29 Colour Palettes

This post includes 29 colour palettes compromising of 5 colours in each palette that I’ve created using the adobe colour wheel. They have all been passed through a colour-blind test individually. You can find the preference file here.

Hi All,

At the end of last year, I saw Kate Brown‘s post recommending “Colors for Data Science A-Z: Data Visualization Color Theory” so thought it would be an interesting watch! The course is about 4 hours long and covers everything from the physics insights of the electromagnetic spectrum, how and why we see colours because of wavelengths and frequencies. Through to learning about colour emotions, tooling’s and colour palettes. I too, would highly recommend the course. It was light hearted and the instructors made it fun.

I won’t go into details fully of the course for the sake of repetition and taking away from the value it served, but below are some of my thoughts on applying colour within the realm of Tableau and a few other resources found on the way. The focuses will predominately be on colour blindness and how we can build dashboards with that in mind.

Working with Tints, Shades and Tones

So by means of introduction it’s important to introduce a few things for basic understanding of colour first.

This is a normal colour wheel that most of us will be familiar with.

Source: Adobe

Achromatic colours are not in the colour wheel (black/white/grey). Since there is no hue in it, they have no saturation. They have their own wheel.

Source: Adobe

When we consider Tint, shades and tones. We can take an initial colour and work outwards to white, grey and black. Check out below.

Source: Canva

The importance of RGB

Dashboards tend to be things we view on laptop screens and phones. They will rarely be printed. Devices have light sources that will emit the different colour or mix the waves. They start as dark and the colours are added.

I found this great resource on 99Designs that discusses the differences between CMYK (subtractive) and RGB (additive) colour.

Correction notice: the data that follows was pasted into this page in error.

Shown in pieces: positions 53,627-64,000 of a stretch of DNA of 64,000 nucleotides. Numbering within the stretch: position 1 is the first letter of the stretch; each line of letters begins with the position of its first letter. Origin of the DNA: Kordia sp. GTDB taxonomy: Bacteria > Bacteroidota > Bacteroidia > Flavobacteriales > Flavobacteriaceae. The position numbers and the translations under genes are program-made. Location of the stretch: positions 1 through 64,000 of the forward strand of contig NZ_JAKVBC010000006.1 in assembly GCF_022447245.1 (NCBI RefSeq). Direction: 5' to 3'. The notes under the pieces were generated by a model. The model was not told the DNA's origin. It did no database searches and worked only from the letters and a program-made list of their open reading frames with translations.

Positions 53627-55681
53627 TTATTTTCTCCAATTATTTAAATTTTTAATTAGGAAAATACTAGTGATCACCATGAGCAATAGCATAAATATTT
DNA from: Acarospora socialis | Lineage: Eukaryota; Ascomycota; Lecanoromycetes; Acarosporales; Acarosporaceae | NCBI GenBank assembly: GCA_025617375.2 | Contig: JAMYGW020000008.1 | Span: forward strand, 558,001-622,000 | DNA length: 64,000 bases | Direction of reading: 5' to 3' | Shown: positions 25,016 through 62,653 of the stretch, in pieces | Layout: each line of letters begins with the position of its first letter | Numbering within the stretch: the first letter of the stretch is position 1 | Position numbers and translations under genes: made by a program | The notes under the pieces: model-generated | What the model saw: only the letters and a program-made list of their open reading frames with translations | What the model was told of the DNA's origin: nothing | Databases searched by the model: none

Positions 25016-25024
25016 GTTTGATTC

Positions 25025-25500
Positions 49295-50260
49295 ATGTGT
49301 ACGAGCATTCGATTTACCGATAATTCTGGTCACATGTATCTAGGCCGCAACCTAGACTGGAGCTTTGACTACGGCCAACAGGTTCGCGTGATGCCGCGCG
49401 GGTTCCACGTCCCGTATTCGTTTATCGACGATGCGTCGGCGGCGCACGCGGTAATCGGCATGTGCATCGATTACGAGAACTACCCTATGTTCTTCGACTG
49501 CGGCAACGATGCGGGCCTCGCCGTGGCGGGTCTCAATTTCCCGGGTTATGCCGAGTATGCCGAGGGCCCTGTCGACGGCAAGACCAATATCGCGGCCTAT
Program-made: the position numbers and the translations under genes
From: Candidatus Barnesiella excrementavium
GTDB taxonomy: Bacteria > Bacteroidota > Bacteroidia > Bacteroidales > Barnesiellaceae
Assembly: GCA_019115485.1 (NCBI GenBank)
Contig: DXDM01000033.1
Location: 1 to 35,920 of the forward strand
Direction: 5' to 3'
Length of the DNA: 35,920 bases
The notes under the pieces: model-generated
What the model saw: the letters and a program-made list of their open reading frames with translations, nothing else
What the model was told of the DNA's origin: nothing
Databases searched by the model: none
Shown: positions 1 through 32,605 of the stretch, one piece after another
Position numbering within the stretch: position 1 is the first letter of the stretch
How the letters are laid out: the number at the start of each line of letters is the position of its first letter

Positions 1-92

Colour blindness Theory

Onto the main subject today, colour blind tested palettes.

The colour test that you can find here is a way of testing the different types of colour blindness through using coloured dots. Someone who is colour blind will see all the dots as the same colour, or will mistakenly get the number wrong, whereas someone who isn’t colour blind should be able to spot the number in the dotted pattern.

Here is an example site to try your own.

So lets test some of my previous vizzes! Would they pass colour-blind tests?

For this, again I’m going to refer to the adobe tool. This adobe colour wheel is my go-to resource for creating my own palettes, and finding new colour palettes through the explore page. Let’s start with Last years Iron Viz.

First go to extract theme.

Upload an image of your dashboard.

You can then go to the Accessibility Tools section, make sure from the drop down you click Color Blind Safe instead of Contract Checker.

In the bottom right of the screen shot next to the blue save UI button you will see “Check for Accessibility”. By clicking this, a colour blind simulator appears.

So it looks like this colour palette passes the colour blind simulator. It particularly works well for Tritanopia but less so for Protanopia and Deuteranopia.

But what happens if the palette isn’t safe?

Lets give another viz a look. How about the chord diagram practice visualisation.

Here are some of the extracted colours from the screen.

Lets go back into the accessibility colour checker.

Uh-oh!! Looks as though this colour palette causes some conflicts.

Fortunately it show us with dashes where the clashes are so we can then go back and amend those colours. Our light pastel yellow and pink tones are clashing.

So that’s how we can test some of our previous colour palettes – but what about creating new ones?

Here are 29 palettes I’ve made that you can copy and paste into your Tableau preferences file.

You can rename them before adding them to your Tableau script. You can find them in the folder here, I’ve saved the colours too as images if you just want to take your favourites.

As you can see from the small snippet below I created each of these themes with accessibility in mind. The icon in the bottom right of each palette means that it is a colour blind safe theme.

Still wanting to learn more on colours?

Check out the following resources:

Datafam Colors: A Tableau Color Palette Crowdsourcing Project – Flerlage Twins &  Rodrigo Calloni

Custom Palettes in Tableau – Interworks

Colour Palettes using images – DataSchool

Formatting custom colour Palettes – Tableau

Going further:

Try create your own colour palette and put it through a colour blind simulator

Try amending your preferences.tps file to add your own colour palettes

Try creating a diverging colour palette instead of a regular one!

LOGGING OFF,

CJ

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